Memory Cafe offers support for those caring for loved ones with memory loss

June 07, 2013|By MARIE GILBERT |
  • Michele Quattrociocchi is caregiver to her mother, Norma Sauer. Through Memory Cafe, a group that meets for meals, Quattrociocchi is able to find support from others who are caregivers to loved ones with memory loss.
Kevin G. Gilbert /

Norma Sauer has no short-term memory, doesn’t know her address or phone number and constantly asks the whereabouts of her mother, father and siblings, who are all deceased.

She paces throughout the house, often is easily distracted and can change from an angel to a devil in a heartbeat.

There are daily challenges, safety issues and emotional upheaval.

But there also is a lot of patience and love.

For the past five years, the 96-year-old Hagerstown woman has lived in a world that she often doesn’t recognize.

She has dementia.

There are sweet, peaceful moments in her life. But often those moments quickly are replaced with anxiety and willfulness, confusion and lack of recall — as if a door in her brain closed and can’t be opened.

It’s a journey few people would want to travel.

But as a caregiver, the journey is just as difficult.

Most days are stressful, Michele Quattrociocchi, Sauer’s daughter and primary caregiver, admitted.


Her mother is now at stage 6 on the global deterioration scale, Quattrociocchi said, which means her memory continues to worsen, personality changes have taken place and she needs help with daily activities -— from getting dressed to bathing.

“She also will not let me out of her sight,” Quattrociocchi said. “She is like my shadow. She will call for me if I leave the room.”

Despite the fact that Quattrociocchi has a bachelor’s degree in nursing and understands what a diagnosis of dementia involves, that doesn’t change the fact that being caregiver to someone with memory loss can be like running in a marathon. It’s a long and grueling experience and you learn to pace yourself.

It’s a role most people don’t think about, until life hits them in the face with responsibility.

And although millions of Americans serve as caregivers, you can often feel isolated, Quattrociocchi said.

But a monthly meal at a local restaurant has made her, and others, feel less alone.

Recently, Quattrociocchi was among 26 caregivers, patients, family members and professionals who attended a Memory Cafe luncheon — an opportunity to leave memory loss disorders at the door and focus on relaxation, support and a meal.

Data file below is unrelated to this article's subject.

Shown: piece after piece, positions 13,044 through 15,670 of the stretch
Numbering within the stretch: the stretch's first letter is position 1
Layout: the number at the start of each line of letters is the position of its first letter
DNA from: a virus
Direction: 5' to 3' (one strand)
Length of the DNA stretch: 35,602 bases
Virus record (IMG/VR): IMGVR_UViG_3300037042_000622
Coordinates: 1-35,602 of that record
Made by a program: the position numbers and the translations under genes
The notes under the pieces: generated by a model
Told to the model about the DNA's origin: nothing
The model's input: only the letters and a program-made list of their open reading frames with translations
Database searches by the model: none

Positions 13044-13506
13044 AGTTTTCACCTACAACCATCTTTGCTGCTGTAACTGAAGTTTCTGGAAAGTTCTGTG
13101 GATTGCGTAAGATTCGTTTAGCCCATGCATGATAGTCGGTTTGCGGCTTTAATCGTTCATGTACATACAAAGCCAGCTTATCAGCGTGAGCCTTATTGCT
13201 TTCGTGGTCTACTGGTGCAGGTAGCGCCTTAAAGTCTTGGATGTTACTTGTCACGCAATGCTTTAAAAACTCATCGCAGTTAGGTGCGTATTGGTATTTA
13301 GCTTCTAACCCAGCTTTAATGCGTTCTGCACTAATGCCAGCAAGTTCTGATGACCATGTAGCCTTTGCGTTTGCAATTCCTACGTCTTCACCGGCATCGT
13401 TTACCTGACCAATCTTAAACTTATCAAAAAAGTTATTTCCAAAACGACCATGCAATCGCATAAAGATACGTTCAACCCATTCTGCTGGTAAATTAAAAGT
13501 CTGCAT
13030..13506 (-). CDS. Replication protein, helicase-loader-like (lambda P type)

The first Memory Cafe was started in the Netherlands in 1997 and began popping up across the United States in 2008.  It recently came to Washington County, where it has been organized by K.C. Ryerson, president and founder of the networking organization Hagerstown Coffee Talk — a group established to assist elder-care service providers in Western Maryland.  She also is community relations director for Broadmore Senior Living in Hagerstown.

Helping to support Memory Cafe is Cathy Hanson, program coordinator for the Frederick and Hagerstown offices of the Alzheimer’s Association.

Ryerson noted that while there are many educational events supporting caregivers who take care of loved ones with dementia, “caregiving can be very isolating. Eventually, caregivers and their loved ones become isolated in their own homes. There are few opportunities that a caregiver will have to be from under the cloud of the disability of Alzheimer’s or dementia.”

The Memory Cafe, she said, offers that escape.

Ryerson said the luncheon is not only a social experience, but a supportive, open forum.

“It is the missing piece to the caregiver’s toolbox,” she said.  “It is an environment where everyone is warm and friendly and we share positive experiences.”

Quattrociocchi said she was given a brochure about Memory Cafe and was thrilled to learn such an outlet was available.

“The caregivers can share, in a safe environment, a nice time together and also meet others who have the same experience,” she said. “I have been wanting this experience for a few years now and am happy to see it come to Hagerstown.”

The Hagerstown woman noted that being a caregiver to someone with memory loss is a situation that only others in the same situation can fully understand.

“My mother’s dementia and memory loss are severe,” Quattrociocchi said.  “She has a lot of anxiety. She suffers Sundowner’s Syndrome and her anxiety is great around 5:30 p.m. and escalates. She constantly asks where her mom and dad are, where her siblings are, wants cookies to eat and I need to redirect her — find things that interest her. Bedtime is a fight, and she’s like a child who doesn’t want to go to sleep.”

Sometimes, she said, it’s a funny comedy. While watching a movie starring Robert DeNiro, she said she knows him from when they both worked at the telephone company.

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